If you’re wondering how to become a better writer, and are looking for tips that can help you do this beyond the cliché “practice makes perfect,” or “read everyday,” *cue the eye roll* then look no further. This blog will provide you with 8 real and practical tips that will help you improve your writing skills today.
Writing isn’t easy. Great writing is rare. Sure, practice makes perfect, but if you aren’t practicing the right things, you won't improve. So what differentiates the average writer from a great one?
Well, there are really 2 things that make for exceptional writing:
(A) The ability to arrange words and sentences in a way that makes sense and is easy to read
(B) The ability to write compelling content that encourages the reader to keep going
And here’s the kicker: if you’re able to successfully accomplish A, then B will follow.
Sounds simple enough, but in reality, most writers will struggle to get this first one right, which hinders their ability to write compelling content.
The truth is, writing is a science and there are rules that need to be followed to produce great writing.
These tips will therefore focus on improving the clarity of your writing and your sentence structure so that your writing makes sense. Following these tips will help you to drastically improve your writing.
Without further ado, here are 10 real tips that can help you become a better writer.
TIP 1: Use The Proper Pronouns!
This is, without a doubt, the most common mistake that writers make.
As I’m sure you all know, a pronoun is a word that takes the place of a noun (eg. “he” in place of “John”) or functions as a reference to something mentioned elsewhere in the writing (ex. “it,” “this”).
Most writers struggle with the proper use of the following pronouns:
In my experience, most writers struggle the most with “it.” I often see writers using “it” when it’s unclear what “it” is referring to.
Here’s an example:
This example actually has two errors. The first error is the improper use of the pronoun “it” since you would assume “it” refers to the subject noun, “company.” If, however, “it” does in fact refer to “company,” then the rest of the sentence doesn’t make sense. This sentence is therefore illogical and subsequently incorrect.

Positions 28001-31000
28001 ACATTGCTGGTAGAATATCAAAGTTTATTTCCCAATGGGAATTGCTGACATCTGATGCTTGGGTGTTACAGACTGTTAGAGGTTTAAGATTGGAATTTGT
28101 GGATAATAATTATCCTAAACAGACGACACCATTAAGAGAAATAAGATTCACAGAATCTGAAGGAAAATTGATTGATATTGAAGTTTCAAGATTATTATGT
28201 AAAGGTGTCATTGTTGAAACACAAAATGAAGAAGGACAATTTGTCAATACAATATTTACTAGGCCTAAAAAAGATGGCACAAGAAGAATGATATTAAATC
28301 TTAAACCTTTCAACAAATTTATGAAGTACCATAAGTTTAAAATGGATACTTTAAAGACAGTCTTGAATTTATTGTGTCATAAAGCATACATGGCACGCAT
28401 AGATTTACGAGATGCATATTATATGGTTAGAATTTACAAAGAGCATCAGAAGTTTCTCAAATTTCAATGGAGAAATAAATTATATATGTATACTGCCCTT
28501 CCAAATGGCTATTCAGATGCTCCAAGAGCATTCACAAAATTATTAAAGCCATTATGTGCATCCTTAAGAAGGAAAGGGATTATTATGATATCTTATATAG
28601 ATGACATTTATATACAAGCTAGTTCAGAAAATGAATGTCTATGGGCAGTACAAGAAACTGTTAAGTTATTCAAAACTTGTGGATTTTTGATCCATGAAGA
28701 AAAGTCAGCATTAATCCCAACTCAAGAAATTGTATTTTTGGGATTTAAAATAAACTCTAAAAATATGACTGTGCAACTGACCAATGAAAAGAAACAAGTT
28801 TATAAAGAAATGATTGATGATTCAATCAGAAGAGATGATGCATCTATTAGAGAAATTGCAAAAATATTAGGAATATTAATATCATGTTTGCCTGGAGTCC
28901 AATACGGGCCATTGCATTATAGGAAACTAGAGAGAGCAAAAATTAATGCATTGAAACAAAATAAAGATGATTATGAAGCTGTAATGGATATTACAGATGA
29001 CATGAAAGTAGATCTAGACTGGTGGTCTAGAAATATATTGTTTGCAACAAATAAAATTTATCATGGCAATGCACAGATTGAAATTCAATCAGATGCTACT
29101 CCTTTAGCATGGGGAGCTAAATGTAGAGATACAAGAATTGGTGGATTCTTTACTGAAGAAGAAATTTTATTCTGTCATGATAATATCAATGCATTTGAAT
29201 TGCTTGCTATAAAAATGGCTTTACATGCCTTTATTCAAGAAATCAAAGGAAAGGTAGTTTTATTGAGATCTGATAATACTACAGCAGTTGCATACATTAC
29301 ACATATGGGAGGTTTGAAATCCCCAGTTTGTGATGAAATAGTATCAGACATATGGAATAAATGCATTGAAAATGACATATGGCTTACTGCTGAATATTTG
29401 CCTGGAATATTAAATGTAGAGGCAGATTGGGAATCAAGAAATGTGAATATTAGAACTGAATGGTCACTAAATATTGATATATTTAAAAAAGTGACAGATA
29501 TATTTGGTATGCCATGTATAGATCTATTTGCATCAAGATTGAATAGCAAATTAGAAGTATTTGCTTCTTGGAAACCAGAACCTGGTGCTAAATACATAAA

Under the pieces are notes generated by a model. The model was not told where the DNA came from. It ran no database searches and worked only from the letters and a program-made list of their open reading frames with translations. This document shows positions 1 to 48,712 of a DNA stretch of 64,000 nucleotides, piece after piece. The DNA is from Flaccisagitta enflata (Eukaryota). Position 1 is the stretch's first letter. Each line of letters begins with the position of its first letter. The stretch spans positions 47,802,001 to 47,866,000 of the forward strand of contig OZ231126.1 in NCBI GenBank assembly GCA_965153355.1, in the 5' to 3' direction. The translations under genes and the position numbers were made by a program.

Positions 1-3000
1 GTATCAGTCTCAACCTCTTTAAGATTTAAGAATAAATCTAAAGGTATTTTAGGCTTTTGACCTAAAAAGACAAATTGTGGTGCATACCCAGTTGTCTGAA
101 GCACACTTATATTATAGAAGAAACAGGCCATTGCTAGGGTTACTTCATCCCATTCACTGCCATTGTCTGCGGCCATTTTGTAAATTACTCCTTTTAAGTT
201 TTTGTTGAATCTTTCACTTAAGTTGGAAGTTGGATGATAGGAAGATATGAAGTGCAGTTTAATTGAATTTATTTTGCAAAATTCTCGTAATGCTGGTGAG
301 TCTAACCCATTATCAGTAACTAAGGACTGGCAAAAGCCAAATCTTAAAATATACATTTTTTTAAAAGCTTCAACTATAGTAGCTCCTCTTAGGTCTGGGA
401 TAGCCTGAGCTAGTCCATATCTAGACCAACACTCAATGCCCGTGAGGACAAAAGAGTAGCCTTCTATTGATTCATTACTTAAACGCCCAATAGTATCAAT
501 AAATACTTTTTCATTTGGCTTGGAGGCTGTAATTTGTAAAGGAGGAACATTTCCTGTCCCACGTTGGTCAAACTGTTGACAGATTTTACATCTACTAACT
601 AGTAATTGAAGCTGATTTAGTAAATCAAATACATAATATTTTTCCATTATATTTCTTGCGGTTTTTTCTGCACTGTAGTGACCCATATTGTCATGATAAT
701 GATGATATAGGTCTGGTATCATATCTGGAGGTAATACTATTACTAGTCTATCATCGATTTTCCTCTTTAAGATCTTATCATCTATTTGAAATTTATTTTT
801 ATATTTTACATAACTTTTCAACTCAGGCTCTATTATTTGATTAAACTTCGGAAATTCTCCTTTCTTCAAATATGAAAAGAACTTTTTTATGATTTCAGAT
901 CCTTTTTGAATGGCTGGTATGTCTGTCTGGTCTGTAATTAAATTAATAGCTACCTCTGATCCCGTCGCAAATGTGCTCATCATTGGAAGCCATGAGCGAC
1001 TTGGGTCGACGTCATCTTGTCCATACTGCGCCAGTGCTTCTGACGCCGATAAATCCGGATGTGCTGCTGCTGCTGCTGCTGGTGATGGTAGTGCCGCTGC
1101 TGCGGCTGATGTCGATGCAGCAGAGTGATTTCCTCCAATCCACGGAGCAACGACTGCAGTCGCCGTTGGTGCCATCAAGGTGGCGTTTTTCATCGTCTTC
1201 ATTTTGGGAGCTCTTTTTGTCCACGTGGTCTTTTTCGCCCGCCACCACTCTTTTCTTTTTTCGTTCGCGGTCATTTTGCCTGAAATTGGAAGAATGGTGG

The second error in this sentence is that it uses a correlative conjunction incorrectly (see tip number 2). As you can see, the sentence says “not only,” but doesn’t add the “but also,” which makes it incorrect.
This sentence in fact needs a lot of work, and would have to be re-written entirely since the sentence as a whole doesn’t make sense.
What is no substitute for good old-fashioned one-on-one communications?
This sentence might have been okay if the noun that “they” replaced was explained in the sentence before this one, but it wasn’t. The sentence should therefore use the actual noun instead of “they.”
TIP 2: Use Correlative Conjunctions Correctly
This is one of the biggest mistakes that writers can make, and I see it all the time.
Correlative conjunctions refer to conjunctions (a word used to connect clauses, such as “and,” “or,” “but,” etc.) that come in pairs, and both need to be used in the same sentence for it to be correct
Some examples of common correlative conjunctions are:
Not only...but also
Here are some examples of correlative conjunctions being used incorrectly:
The first sentence is incorrect because it implies that “not only had they done a good job,” but, what else? Without the “but also,” this sentence is incorrect.
The second sentence is incorrect because it has no preface for the “nor.” It therefore represents an incomplete correlative conjunction.
The correct versions of these sentences are:
TIP 3: Subjects and Verbs Must Agree
The rule for subject-verb agreement is that both your subject and your verb have to agree in number; both need to be either singular or plural.
While most writers are able to get this one right, even making this mistake once in your writing has dire consequences. Your readers will either have to re-read the sentence, or they might just walk away entirely.
Ultimately, you need to make sure that a singular subject goes with a singular verb and a plural subject goes with a plural verb.
In the first sentence, “reasons” is the subject, and it is plural. The verb, “is” (which is a form of the verb “be”) is not plural. This sentence is therefore incorrect.